You have options when you are planning your estate as a married person. It is possible for each party to create their own estate plan, but many people will take a shared approach.
The appropriate course of action will depend on the intentions of the people involved. If you and your spouse do not have children from previous marriages and you own most of your valuable property together, a shared living trust can be the right choice.
Shared Living Trust Overview
A standard arrangement would be for you and your spouse to act as co-trustees while you are living. The two of you would have complete control of the assets that are signed over to the trust. Either one of you could transact business for the trust on one signature. Although there are exceptions for separate assets transferred to the trust, and subject to a property agreement that may have been executed when creating your trust, dissolving the joint trust would require the approval of both spouses.
If you want to change the terms of your joint trust, you would have to do this in cooperation with one another. You fund the trust with assets that you own jointly, or separately, and you would agree to leave your respective interests to one another.
It is also possible to transfer personal property into the trust. This would include assets that have no title. For example, let’s say that you own an antique collection, and your husband has a gun collection. You can leave those collections to a child that likes antiques. Your husband could leave the guns to a different child, grandchild, or another beneficiary.
After the death of one spouse, the other spouse would become the sole trustee of the living trust. At that point, they would have absolute authority with one exception. The surviving spouse would not be able to change the terms that apply to the deceased spouse’s share of the trust.
Living Trust Benefits
In addition to the fact that a shared living trust will create a streamlined process for a married couple, there are other benefits. If you use a will to state your final wishes, it would be admitted to probate, and this legal process creates procedural hurdles.
The executor that is named in the document would administer the estate under the supervision of the probate court. Creditors would be given time to come forward seeking payment, and the court would examine the will to make sure that it is valid.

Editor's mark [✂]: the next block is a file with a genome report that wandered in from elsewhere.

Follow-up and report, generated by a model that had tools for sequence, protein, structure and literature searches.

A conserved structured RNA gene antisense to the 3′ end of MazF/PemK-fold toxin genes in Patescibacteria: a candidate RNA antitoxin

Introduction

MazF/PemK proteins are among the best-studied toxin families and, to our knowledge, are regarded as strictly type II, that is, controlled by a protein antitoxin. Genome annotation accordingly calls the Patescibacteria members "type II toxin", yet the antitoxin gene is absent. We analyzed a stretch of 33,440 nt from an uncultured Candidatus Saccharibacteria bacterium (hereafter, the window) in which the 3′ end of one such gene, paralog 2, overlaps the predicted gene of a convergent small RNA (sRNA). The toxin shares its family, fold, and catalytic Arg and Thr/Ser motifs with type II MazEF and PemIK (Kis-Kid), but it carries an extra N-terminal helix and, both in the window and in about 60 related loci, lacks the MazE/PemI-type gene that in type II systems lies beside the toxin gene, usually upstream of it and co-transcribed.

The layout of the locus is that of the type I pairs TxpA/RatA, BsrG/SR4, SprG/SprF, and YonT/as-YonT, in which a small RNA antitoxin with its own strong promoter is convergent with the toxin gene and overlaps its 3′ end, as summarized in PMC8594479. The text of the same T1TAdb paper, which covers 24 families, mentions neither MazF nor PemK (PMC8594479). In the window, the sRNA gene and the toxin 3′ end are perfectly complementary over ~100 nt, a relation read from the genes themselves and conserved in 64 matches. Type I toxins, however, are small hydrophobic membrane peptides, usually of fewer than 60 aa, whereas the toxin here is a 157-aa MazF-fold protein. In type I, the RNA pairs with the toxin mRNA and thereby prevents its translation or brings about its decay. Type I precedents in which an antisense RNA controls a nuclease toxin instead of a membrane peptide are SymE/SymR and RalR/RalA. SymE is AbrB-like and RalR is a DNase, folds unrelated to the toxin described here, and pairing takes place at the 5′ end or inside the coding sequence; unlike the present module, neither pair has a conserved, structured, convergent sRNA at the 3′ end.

No inheritances would be distributed while the estate is being probated by the court, and it will take six to 18 months at a minimum to complete the probate process.
Probate expenses include the executor’s payment, court costs, potential legal and accounting fees, appraisal liquidation charges, and incidentals. The red ink will reduce the value of the estate before it is transferred to the heirs. Those costs are essentially coming out of their pockets.
Another drawback is the fact that probate records are available to the general public, so there is a loss of privacy.
When assets are distributed through the terms of a living trust, the probate court is not involved, so these negatives are avoided.
Another advantage is the ability to provide spendthrift protection for beneficiaries. You can include a spendthrift clause meaning a beneficiary – or beneficiaries – would not have access to the principal unless required for their health, education, or even some support. Structured properly, the creditors of your beneficiary would not be able to “step into their shoes” and take the money. The assets would be protected.
To prevent reckless spending, you could instruct the trustee to distribute a certain amount each month, or you could dictate another type of incremental payout arrangement.
Other Options for Married Couples
When a married couple does not have a lot of shared property and they are not committed to leaving most of their property to one another, a separate living trust may be the appropriate choice.
There is another legal device called a qualified terminable interest property (QTIP) trust. It can be ideal for a parent who has considerable resources and is getting remarried.
If you implement this strategy, your new spouse would be the first beneficiary, and your children would be the successor beneficiaries upon the spouse’s death. You would name a trustee to act as the administrator of the trust. Impartiality would be a key attribute, so you may want to consider using a professional fiduciary.
If the QTIP springs into effect upon your death, your spouse would receive distributions of the trust’s income each year. They would be able to use property that is owned by the trust. For example, they could continue to live in a home that is technically held by the trust.
They would be comfortable and secure for the rest of their life, but they would not be able to change the terms. After their death, the children would become the beneficiaries of the trust.
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